So now that we've compiled a formidable list of yogurt shop sightings
(thanks to y'all) what have we learned and observed?
First, when naming your yogurt shop, it doesn't hurt to follow the leader. Pinkberry is arguably the one that started the craze, so if you want to play it safe, try cribbing it by using some variation of "berry" (BerrySwirl, Berry Cool, Passion Berry).
And in this game, misspelling is not going to make you look stupid; it actually makes you sound cool and adds character (Modeberi).
Or if you're daring, opt for other fruits (Cantaloop). And if possible, add exclamation points (Go Bananaz!!). To cover whole gamut, use the word "fruit" itself (Tutti Frutti).
Want to be unambiguous of your wares? Stick a place name after the word "Yogurt". Bar, Cafe, Factory, Farm, Town. "Land", as you know, is already taken.
Other nouns, adjectives, adverbs can promise customers a delightful, fun, flavorful experience that will satisfy their cravings (Yogurt Delights, Yogurt Fun, Yogurt Flavors, Yogurt Cravings).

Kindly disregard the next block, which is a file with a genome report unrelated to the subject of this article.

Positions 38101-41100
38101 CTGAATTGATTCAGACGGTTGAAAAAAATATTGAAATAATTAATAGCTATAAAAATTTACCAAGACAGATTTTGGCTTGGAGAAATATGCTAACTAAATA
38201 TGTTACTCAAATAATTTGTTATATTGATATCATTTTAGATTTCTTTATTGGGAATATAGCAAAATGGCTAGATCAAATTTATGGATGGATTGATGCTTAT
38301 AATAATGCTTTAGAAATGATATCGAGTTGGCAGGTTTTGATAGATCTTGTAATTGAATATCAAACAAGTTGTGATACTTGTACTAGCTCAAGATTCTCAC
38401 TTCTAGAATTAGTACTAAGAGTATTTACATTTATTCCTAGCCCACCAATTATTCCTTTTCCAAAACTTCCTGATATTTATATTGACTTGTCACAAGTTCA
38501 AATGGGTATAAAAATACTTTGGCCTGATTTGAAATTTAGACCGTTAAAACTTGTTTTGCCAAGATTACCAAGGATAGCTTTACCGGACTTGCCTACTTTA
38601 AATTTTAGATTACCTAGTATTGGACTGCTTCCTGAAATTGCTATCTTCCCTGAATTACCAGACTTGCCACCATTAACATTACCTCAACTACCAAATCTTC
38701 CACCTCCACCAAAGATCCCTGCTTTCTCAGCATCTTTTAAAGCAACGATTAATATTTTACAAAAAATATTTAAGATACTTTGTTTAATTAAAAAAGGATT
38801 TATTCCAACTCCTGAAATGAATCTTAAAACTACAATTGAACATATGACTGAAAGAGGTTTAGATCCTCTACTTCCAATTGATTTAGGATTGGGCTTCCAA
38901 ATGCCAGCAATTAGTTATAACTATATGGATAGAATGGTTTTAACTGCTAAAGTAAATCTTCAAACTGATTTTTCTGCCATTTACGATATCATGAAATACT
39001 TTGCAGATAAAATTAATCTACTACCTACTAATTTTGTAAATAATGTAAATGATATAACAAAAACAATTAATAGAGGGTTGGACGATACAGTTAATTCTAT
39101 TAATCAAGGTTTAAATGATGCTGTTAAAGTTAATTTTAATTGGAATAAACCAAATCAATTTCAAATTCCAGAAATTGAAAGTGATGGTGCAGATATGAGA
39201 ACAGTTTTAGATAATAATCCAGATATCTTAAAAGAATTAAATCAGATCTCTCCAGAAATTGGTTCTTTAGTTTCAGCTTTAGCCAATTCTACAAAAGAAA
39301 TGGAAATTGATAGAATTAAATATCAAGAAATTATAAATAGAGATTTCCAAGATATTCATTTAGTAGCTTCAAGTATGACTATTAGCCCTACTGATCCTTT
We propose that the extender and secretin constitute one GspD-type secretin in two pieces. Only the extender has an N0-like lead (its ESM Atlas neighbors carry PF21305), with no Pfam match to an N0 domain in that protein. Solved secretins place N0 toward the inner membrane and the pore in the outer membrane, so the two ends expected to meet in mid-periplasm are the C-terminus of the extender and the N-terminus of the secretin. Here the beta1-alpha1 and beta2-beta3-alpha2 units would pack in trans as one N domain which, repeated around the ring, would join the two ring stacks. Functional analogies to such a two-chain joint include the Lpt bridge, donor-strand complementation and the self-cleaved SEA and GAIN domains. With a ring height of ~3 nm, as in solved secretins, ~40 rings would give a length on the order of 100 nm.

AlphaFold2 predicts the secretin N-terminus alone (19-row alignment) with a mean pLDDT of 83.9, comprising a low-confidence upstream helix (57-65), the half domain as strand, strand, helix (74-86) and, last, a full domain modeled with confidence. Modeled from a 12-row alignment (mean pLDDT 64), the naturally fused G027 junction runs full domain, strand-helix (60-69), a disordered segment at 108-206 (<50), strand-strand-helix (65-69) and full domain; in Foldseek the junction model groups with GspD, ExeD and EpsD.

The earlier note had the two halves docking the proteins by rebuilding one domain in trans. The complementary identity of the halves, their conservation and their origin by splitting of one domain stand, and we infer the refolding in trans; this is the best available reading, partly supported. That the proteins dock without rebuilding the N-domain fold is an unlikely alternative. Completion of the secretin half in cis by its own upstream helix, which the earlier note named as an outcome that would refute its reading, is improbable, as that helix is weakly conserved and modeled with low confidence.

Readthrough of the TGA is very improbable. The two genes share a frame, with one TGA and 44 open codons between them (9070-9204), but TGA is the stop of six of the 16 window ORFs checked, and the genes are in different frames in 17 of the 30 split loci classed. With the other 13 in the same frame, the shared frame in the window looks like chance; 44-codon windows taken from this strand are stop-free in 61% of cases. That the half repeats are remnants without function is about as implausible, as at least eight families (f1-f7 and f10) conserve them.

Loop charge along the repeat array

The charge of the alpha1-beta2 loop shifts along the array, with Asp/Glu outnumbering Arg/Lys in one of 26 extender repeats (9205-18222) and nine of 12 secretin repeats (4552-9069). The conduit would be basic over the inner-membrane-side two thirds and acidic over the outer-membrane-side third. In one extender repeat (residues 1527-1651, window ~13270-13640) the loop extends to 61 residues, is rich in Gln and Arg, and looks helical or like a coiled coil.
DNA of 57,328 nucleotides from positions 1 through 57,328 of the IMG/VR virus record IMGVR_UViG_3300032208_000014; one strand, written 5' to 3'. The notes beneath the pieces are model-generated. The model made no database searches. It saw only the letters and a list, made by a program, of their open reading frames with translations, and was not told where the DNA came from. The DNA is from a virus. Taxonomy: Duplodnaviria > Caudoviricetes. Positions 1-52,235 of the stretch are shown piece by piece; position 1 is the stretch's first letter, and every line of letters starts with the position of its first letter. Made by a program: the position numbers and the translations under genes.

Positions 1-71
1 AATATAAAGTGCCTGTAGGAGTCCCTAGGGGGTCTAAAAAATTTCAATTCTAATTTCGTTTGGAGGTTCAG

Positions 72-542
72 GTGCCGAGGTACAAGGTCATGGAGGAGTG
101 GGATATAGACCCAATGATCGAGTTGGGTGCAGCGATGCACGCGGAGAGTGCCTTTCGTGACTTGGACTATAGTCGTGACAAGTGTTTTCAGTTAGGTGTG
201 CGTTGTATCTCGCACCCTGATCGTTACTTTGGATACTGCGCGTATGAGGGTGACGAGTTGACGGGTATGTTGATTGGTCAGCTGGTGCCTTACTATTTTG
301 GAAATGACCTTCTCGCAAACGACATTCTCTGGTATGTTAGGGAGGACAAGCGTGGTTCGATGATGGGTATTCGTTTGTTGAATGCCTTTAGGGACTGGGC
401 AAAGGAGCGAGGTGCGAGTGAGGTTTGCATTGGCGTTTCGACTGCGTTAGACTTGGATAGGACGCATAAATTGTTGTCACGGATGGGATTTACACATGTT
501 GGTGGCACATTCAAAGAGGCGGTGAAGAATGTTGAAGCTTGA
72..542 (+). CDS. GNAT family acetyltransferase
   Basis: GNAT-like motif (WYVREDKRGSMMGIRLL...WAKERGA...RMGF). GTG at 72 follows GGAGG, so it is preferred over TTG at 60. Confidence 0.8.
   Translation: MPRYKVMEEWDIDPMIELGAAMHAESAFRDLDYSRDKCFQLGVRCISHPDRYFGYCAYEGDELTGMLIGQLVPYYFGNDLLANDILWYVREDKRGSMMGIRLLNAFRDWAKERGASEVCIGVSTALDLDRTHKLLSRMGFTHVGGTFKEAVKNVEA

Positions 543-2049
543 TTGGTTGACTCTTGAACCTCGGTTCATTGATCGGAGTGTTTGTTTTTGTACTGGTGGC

An exclamation point wouldn't be out place here either (Yogurt Mania!).
Heck, why not invent new adjectives (Flavory Yogurt).
But wait. What if you want to communicate the fact that you offer free WiFi? Well, put an "i" in front of "Yogurt", of course! (iYogurt Cafe).
If you think everything up to this point is too bourgeois, opt for classiness: name it so that it sounds foreign (Frucci, Joghurt, Yogurt d'Italia, Yogen Früz).
And if someone's already claimed your chosen yogurt shop name? Add a letter. (Swirl, Swirls, Swirlz).
With the lessons I've learned from this project, I already know of the perfect title for my soon-to-be-opened yogurt shop. Hold on to your hats and glasses, because here it is: iBerry Tasti FrüGurtz Universe!!!
Notice the three exclamation points.